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Is the U.S. survival rate for COVID-19 cases 99.983 percent? No, that's not true. The math does not add up. There are at least 95,000 confirmed deaths from COVID-19 and 1,610,000 confirmed cases in the United States as of May 21, 2020. If only .017 percent of those diagnosed cases died, the death toll would be about 27,370. A scientific estimate by University of Washington researchers puts the percentage at 1.3 percent, for a survival rate of about 98.7 percent.
The claim of the higher survival rate appeared in a meme (archived here) where it was published on Facebook in May 2020. The meme lists purported "survival rates" for seven countries, all wrong, and concludes:
Maybe if we looked at it this way, we'd realize the panic is out of control.
This is what the post looked like on Facebook at the time of writing:
Here is a screenshot, in case the online version is deleted:
Using flags, but not names to identify countries, the post -- without citing any source for any of its numbers -- claimed survival rates for every country listed including hard-hit Italy, Spain and Great Britain were greater than 99.9 percent.
The meme refers to a survival rate, which is conventionally considered the percentage of cases of an illness in which the patient does not die. A survival rate of 99.983 percent would mean that just .017 percent have died. In the United States where more than 95,000 are dead, there would have to have been 560 million COVID-19 cases. There are only about 330-million Americans overall and only 1.6 million cases.
Figures from other medical sources are much worse, varying up to 5 percentage points worse. For example, Johns Hopkins University's world map lists the U.S. mortality rate through May 20, 2020, as 6 percent based on current reports of 1,562,714 cases and 93,863 deaths.
Is there cause for observing a lockdown with stay-at-home rules, or is it "panic ... out of control," as the meme suggests? A Columbia University study says that if Americans had locked down one week earlier, 36,000 lives could have been saved. And if the country had begun locking down cities and limiting social contact on March 1, two weeks earlier than when most people started staying home, a vast majority of the nation's deaths -- about 83 percent -- would have been avoided, the researchers estimated.
Survival rates also depend on the age of the population, and there is no one-size-fits-all magic number.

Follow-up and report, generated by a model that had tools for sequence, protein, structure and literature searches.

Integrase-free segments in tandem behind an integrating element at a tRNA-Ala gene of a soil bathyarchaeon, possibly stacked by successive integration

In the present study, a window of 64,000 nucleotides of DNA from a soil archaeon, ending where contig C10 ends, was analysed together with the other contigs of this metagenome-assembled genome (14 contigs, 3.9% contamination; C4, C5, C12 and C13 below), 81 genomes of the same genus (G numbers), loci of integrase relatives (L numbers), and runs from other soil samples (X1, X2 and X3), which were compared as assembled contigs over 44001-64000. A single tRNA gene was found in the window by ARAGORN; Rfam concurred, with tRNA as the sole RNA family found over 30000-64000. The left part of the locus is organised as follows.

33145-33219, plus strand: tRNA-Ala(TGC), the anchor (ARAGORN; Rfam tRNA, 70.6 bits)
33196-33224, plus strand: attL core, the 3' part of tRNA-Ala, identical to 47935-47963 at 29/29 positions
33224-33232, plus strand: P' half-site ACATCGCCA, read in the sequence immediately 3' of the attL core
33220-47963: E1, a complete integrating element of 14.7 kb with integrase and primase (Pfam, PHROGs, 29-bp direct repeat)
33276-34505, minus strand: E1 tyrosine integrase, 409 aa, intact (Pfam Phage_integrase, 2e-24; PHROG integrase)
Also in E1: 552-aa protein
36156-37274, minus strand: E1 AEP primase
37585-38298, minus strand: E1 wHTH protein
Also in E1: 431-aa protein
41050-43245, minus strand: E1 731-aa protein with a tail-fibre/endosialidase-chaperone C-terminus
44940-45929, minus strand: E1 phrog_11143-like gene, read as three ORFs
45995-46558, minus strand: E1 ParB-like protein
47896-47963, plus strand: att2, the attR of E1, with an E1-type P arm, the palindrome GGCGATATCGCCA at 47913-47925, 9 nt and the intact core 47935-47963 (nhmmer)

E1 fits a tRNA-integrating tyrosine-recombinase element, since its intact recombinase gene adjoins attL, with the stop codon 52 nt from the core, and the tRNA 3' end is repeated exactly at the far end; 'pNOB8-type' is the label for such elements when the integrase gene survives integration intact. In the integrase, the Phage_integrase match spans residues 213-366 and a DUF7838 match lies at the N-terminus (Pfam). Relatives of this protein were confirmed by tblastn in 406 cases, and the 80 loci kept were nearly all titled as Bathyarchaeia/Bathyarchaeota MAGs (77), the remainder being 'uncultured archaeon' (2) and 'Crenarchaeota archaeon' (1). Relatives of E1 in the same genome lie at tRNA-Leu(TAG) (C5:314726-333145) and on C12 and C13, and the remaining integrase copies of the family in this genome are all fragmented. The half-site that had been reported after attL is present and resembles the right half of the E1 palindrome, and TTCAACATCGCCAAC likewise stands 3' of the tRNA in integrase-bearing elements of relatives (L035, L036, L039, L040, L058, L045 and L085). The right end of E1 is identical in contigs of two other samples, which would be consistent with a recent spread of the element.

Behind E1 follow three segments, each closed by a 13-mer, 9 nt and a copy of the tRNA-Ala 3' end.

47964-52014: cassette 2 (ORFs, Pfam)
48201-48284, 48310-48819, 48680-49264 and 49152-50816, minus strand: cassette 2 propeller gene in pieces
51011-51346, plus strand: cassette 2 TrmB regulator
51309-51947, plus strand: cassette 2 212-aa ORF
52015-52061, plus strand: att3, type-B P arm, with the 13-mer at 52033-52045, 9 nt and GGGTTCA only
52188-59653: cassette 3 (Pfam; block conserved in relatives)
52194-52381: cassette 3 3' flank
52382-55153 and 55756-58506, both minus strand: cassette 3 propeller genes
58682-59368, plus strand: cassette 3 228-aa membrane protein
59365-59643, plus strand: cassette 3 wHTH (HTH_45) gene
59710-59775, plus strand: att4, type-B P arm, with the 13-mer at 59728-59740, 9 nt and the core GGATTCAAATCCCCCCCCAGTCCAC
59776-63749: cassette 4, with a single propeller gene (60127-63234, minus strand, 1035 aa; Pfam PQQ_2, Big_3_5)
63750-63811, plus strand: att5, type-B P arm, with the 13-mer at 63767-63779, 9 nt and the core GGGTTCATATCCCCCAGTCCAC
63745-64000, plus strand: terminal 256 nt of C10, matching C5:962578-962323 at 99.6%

"You really need to look at this by age, because there is an enormous age gradient for risk of death per infected case," said Dr. Theo Vos in an interview with USA TODAY. Vos, a professor of health metrics sciences at the University of Washington, is one of the developers of a highly regarded model for mortality and survival rates.
There is a real need for concern, says Brian P. Monahan, physician to Congress and the U.S. Supreme Court.
A 99% survival rate might sound promising. But when it's scaled out to the rest of the country - all 329 million residents - a 1% death rate takes on a different meaning, he told USA Today. He predicted early in the pandemic that a 1% mortality rate at that scale of infection would be between 700,000 and 1.5 million dead. He told CNBC TV on March 11, 2020, that death toll would roughly equal the population of Washington, D.C., on the low end, or the entire population of Hawaii on the high end.
The survival rate of a country can't accurately be calculated by subtracting the number of deaths from the number believed to have caught the virus. No country knows the total number of people infected with COVID-19 unless everyone has been tested. Without adequate testing, numbers are just estimates.
And although the meme ranks the United States as the having the best survival rate, the USA, Spain and the United Kingdom are the three hardest-hit countries, according to statista.com.
Those who argue that the "panic" is unnecessary since the flu is as deadly as COVID-19 and the U.S. economy was not shut down for that, we offer this paragraph from the University of Washington study:
The COVID-19 death rate, the study adds, means that if the same number of people in the U.S. are infected by the end of the year as were infected with the influenza virus -- roughly 35.5 million in 2018-2019 -- then nearly 500,000 people will die of COVID-19.
2020-05-22T14:55:17Z 2020-05-22T14:55:17ZUpdate 7aPT May 22, 2020: adding quote from Univ. Of Washington study showing how COVID-19 is much deadlier than the flu; fixing match in lead to 27,370 dead